How do you incorporate the concept of slow living into your daily routine?



Knitting Pattern: Unwind Infinity Scarf

Soft and lacy, the Unwind Infinity Scarf is a fun knitting pattern for spring.I was just looking through my posts for the month and January and realized my projects have been kind of knit-centric lately, but I have just one more pattern to share that I think you will really enjoy.

This one is perfect for spring. It's a light weight infinity scarf with an open, lacy stitch pattern. I really want to keep this one for myself, but I am (probably) going to be nice and gift it to my beautiful sister-in-law for her birthday.

This pattern is a little scary at first because you begin by wrapping yarn over your needle in one row and then dropping it off in the next.  Once you get the hang of it, you'll see that the technique is nothing to be afraid of.

Materials



Gauge


21 sts = 4 inches

Finished Measurements


7 1/2 inches wide x 50 inches long

Directions


CO 38.
Row 1 (RS): K all sts.
Row 2 (WS): K all sts.
Row 3: K7, [yo, k1, 2 yo, k1, 3 yo, k1, 2 yo, k1, yo, k6] 3 times, k1.
Row 4: K7, [drop yo, k1, drop 2 yo, k1, drop 3 yo, k1, drop 2 yo, k1, drop yo, k6] 3 times, k1.
Row 5-7: K all sts.
Row 8: K2, [yo, k1, 2 yo, k1, 3 yo, k1, 2 yo, k1, yo, k6] 3 times, yo, k1, 2 yo, k1, 3 yo, k1, 2 yo, k1, yo, k2.
Row 9: K2, [drop yo, k1, drop 2 yo, k1, drop 3 yo, k1, drop 2 yo, k1, drop yo, k6] 3 times, drop yo, k1, drop 2 yo, k1, drop 3 yo, k1, drop 2 yo, k1, drop yo, k2.
Row 10: K all sts.

Repeat Rows 1-10 until piece measures 50 inches. Bind off all sts leaving a long tail. Use the tail to join the ends of the scarf.

The scarf can be worn long with a single loop around your neck.

Unwind Infinity Scarf: Loosen up with this free knit pattern for spring

Or wrap it around twice for a loose cowl.

Unwind Infinity Scarf: Loosen up with this free knit pattern for spring

Happy knitting!




Knitting Pattern: Simple Reversible Boot Cuffs

This easy to knit boot cuff pattern is a simple stash buster projectOver the holidays, I had the cutest outfit planned for a work event and found myself in need of a set of boot cuffs to complete my look. Since I am a knitting geek, I immediately raided my yarn stash to see what I could whip up. This wasn't a project I ever intended to blog about.

In my creative frenzy, I was indecisive about what color yarn I should use, mainly because I didn't think I had enough of either of the yarns I liked. Then I had an epiphany, why not use both colors! That way, later, the cuff could be reversed for different outfits.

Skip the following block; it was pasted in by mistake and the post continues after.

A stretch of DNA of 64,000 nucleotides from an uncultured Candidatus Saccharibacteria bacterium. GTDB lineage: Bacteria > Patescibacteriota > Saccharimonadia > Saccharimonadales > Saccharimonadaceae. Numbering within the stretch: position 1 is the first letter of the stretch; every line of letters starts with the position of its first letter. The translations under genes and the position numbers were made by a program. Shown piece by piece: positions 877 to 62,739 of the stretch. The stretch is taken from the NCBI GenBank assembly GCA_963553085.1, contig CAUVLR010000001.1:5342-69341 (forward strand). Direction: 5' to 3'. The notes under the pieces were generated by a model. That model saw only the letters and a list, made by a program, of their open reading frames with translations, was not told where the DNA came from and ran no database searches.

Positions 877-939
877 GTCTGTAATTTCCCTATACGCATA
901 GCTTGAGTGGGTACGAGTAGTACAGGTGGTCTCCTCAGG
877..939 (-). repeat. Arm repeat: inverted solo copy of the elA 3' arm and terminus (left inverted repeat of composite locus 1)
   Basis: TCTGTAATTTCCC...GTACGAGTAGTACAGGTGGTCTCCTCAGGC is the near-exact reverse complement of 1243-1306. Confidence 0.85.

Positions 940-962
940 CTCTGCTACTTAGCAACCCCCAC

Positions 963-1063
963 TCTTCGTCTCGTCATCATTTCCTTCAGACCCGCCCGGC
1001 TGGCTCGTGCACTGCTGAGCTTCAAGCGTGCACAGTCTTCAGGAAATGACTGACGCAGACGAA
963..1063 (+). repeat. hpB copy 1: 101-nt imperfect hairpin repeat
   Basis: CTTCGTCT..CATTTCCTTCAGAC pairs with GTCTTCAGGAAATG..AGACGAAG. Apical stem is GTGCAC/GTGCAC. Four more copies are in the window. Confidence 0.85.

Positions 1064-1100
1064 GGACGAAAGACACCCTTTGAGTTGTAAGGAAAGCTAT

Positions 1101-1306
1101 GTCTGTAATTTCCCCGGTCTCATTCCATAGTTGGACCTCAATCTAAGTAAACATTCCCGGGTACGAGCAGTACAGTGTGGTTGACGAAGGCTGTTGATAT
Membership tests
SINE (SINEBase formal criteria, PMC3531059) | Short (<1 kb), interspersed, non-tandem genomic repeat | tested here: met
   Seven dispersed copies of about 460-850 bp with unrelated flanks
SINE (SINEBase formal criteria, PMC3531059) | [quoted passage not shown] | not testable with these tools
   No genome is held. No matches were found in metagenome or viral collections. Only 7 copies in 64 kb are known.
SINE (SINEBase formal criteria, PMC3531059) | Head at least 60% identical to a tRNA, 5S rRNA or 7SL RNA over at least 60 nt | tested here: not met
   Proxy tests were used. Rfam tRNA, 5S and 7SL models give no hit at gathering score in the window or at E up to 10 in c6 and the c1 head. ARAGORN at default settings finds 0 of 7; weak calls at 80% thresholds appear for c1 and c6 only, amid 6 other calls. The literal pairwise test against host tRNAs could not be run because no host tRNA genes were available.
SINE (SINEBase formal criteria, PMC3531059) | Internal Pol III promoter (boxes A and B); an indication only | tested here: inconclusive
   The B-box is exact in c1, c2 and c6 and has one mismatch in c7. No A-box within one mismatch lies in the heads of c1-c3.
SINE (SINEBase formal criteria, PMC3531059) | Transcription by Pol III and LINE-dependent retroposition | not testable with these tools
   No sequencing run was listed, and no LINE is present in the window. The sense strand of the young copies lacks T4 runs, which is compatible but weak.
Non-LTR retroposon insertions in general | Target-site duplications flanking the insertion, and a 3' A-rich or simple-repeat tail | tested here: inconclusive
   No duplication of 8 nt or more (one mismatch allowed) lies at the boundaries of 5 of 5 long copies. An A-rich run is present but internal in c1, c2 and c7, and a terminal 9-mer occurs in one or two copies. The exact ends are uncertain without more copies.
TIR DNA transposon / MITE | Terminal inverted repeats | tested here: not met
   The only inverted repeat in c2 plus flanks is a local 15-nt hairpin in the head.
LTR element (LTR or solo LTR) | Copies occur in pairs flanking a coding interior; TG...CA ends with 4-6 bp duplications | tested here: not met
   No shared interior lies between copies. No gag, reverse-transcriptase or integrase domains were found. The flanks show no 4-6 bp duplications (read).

My cuffs are about 5 inches wide by 8 inches long. I used Lion Brand Jiffy Yarn and Lion Brand Fisherman's Wool on US size 10 knitting needles and cast on 44 sts, but you can easily adapt this pattern to use any color or weight yarn for a quick and easy stash buster project that will accommodate super skinny or fabulously full legs.

This easy to knit boot cuff pattern is a simple stash buster project

Materials


  • two colors of leftover yarn from your stash (They should be a similar yarn weight.)
  • dpn or circular knitting needles appropriate for the weight of your yarn


Directions


This design is worked in the round. With your first color, co any multiple of 4 sts. The length of the cast on edge should be about 3/4 of the circumference of your leg.

Rnd 1: *k3, p1* around
Rnd 2: *k1, sl 1, k1, p1* around

Repeat Rnd 1-2 until piece measures 3-4 inches from cast on edge.

Switch to the second color and work Rnd 1-2 for an additional 3-4 inches.

Bind off.

I ended up wearing my cuffs with the lighter side showing because it matched my poncho, but I'll definitely try the darker color with another outfit.

This easy to knit boot cuff pattern is a simple stash buster project




Knitting Pattern: Wintermint Sock Trio

Free Knitting Pattern: Make a trio of striped, red, green and white knit socks to share your Christmas spirit!November is here and for me that means it is officially sock knitting season. I adore hand knit socks. I love to make them. I love to wear them. I love to give them as Christmas gifts!

This is a kind of unconventional knitting pattern because it makes three "mismatched" socks. They are a stripey and fun way to show some holiday spirit.

These socks should comfortably accommodate an averaged sized woman's feet (foot circumference of 8 inches and foot length of 8 1/2 inches), approximately US 6-9 shoe size.

Materials


3 - 50 g/220 yd balls of Cobasi by Hikoo

US size 4 (3.5 mm) dpns

Gauge


26 sts and 40 rows of stockinette = 4 inches

Abbreviations


k - knit
p - purl
sl - slip 1 stitch purlwise
ssk - slip two stitches individually knitwise then knit them together through the back loops